After a fierce competition, these were the last films standing.
Winner: Grand Jury Prize for Best Narrative Feature
Shot on a shoestring budget in New York City, Gimme the Loot follows two Bronx teens (Malcolm and Sofia) determined to outshine a rival gang by drawing their graffiti on the large Mets apple inside Citi Field. The resourceful and humorous main characters wander around the city trying to raise money in order to pay a bribe that would allow them entry into the stadium.
In many ways, the film attempts to subvert perceptions of minority life in New York City. There’s no danger of violence here, and the tension between the gangs is benign and only a backdrop for a more grounded, often comic character study. The dialogue and acting are strong, and the long single–take tracking shots (a–la Woody Allen’s Annie Hall) allow us to really get to know these characters.
Though light–hearted, issues of class permeate the film. In a hard–hitting moment, Malcolm has a near sexual encounter with a rich white girl, only to be humiliated by her later in front of her friends. The quest for material property is front and center; given their underprivileged backgrounds, their world is inherently loot–driven.
Winner: Audience Award, Outstanding Acting (Jamie Chung)
That a dark film about sex trafficking won the Audience Award (which usually goes to comedies) is evidence of its deep emotional power. Eden tells the true story of a Korean–American girl who was kidnapped and forced into a brutal prostitution ring. In order to escape, she eventually joins forces with her captors.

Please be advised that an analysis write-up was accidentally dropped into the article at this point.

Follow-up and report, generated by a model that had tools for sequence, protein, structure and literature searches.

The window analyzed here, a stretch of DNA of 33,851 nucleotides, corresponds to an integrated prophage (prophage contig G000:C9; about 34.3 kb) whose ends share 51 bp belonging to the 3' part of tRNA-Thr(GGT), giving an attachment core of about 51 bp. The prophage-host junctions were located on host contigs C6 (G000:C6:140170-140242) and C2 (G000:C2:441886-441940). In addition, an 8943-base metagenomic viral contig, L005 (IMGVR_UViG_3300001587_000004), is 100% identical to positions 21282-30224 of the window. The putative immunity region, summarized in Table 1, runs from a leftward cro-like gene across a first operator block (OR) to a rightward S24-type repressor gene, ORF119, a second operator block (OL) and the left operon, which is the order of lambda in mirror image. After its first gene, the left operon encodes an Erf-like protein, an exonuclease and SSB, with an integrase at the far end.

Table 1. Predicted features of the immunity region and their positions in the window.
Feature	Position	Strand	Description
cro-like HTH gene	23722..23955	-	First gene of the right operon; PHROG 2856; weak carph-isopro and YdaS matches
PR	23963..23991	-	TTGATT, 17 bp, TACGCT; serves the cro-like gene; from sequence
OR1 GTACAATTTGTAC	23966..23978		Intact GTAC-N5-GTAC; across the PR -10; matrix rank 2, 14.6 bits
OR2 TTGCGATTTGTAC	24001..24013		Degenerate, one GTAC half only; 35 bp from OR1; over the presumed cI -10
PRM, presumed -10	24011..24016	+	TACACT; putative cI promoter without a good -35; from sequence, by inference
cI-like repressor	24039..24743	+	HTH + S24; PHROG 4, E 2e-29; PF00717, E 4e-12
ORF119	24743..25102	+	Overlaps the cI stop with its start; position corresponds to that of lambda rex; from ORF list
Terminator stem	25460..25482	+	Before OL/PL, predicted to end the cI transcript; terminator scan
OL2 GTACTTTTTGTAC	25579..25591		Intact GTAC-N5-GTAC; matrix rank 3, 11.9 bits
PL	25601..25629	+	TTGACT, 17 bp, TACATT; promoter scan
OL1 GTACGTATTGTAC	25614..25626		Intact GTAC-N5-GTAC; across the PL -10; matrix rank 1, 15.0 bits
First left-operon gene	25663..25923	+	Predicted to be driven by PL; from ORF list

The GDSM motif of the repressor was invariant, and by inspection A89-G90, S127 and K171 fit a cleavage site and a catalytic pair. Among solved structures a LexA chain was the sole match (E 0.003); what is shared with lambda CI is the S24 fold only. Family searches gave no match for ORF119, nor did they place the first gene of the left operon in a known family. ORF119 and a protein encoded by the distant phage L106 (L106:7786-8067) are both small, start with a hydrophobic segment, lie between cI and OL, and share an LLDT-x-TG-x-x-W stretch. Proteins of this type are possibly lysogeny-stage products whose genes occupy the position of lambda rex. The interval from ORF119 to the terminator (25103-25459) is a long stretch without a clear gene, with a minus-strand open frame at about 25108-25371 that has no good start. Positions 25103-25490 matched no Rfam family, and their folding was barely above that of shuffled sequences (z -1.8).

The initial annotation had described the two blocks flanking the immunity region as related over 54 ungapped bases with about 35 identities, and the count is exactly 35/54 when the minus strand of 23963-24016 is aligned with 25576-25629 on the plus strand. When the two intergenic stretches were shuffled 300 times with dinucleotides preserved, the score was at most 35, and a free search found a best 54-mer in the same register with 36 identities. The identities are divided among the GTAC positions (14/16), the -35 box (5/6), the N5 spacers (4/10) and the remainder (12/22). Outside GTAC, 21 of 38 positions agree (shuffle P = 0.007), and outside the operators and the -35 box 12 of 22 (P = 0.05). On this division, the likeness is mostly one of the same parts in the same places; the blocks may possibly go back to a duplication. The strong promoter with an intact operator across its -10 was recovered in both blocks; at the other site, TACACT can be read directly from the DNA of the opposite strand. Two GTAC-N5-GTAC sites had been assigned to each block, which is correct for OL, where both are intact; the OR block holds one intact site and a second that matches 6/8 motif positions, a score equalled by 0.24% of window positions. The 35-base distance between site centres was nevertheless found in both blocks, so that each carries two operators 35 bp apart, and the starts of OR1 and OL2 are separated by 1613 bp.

Jamie Chung’s riveting performance was the breakthrough of the entire festival. She was able to craft an extremely complex character, never allowing her to simply become a helpless victim. While pressed to her limits, Eden is remarkably resourceful, one of the strongest and most memorable heroines in recent years.
Eden may not have a completely original storyline, but its execution is near flawless. The cinematography conveys a pervasive sense of claustrophobia, and the director wisely prevents things from becoming too heavy–handed. Overall, the film offers a gripping and poignant look at a character pushed to her limits.
Winner: Outstanding Acting (Besedka Johnson)
Starlet was hands–down my absolute favorite film from SXSW, and it came as a complete surprise. The film follows a scantily clad girl who buys a thermos from a yard sale and finds thousands of dollars hidden inside. Perhaps out of guilt, she befriends the old widow who sold her the item, but doesn’t tell her about the money.
Oh, and the girl is also a porn star.
Starlet is brilliant for its nuanced and complex portrayals of its characters. We don’t learn about the main character’s profession until well into the film, which prevents us from judging her prematurely. And the film’s balanced portrayal of the porn industry avoids both glamorization and condemnation — in fact, when we first see the company’s indistinct office, we have no idea that it’s a porn studio.
Starlet also boasts two breakthrough performances from the opposite ends of the age spectrum. Fashion model (and Ernest Hemingway’s great–granddaughter) Dree Hemingway is stunning, beginning what will no doubt be a fantastic acting career, and the film’s producer discovered the 85–year–old, award–winning Besedka Johnson at a local YMCA. She never expected to become a movie star so late in life, but, thankfully, sometimes fairy tales do come true.
Unfortunately, Starlet is almost certainly going to get massively screwed over by the MPAA (as did last year’s masterpiece, Shame). While its explicit sex scene during a porn shoot is absolutely central to the work as a whole, it will likely have to be cut if the film is widely released. Try to track this down at a festival by any means possible.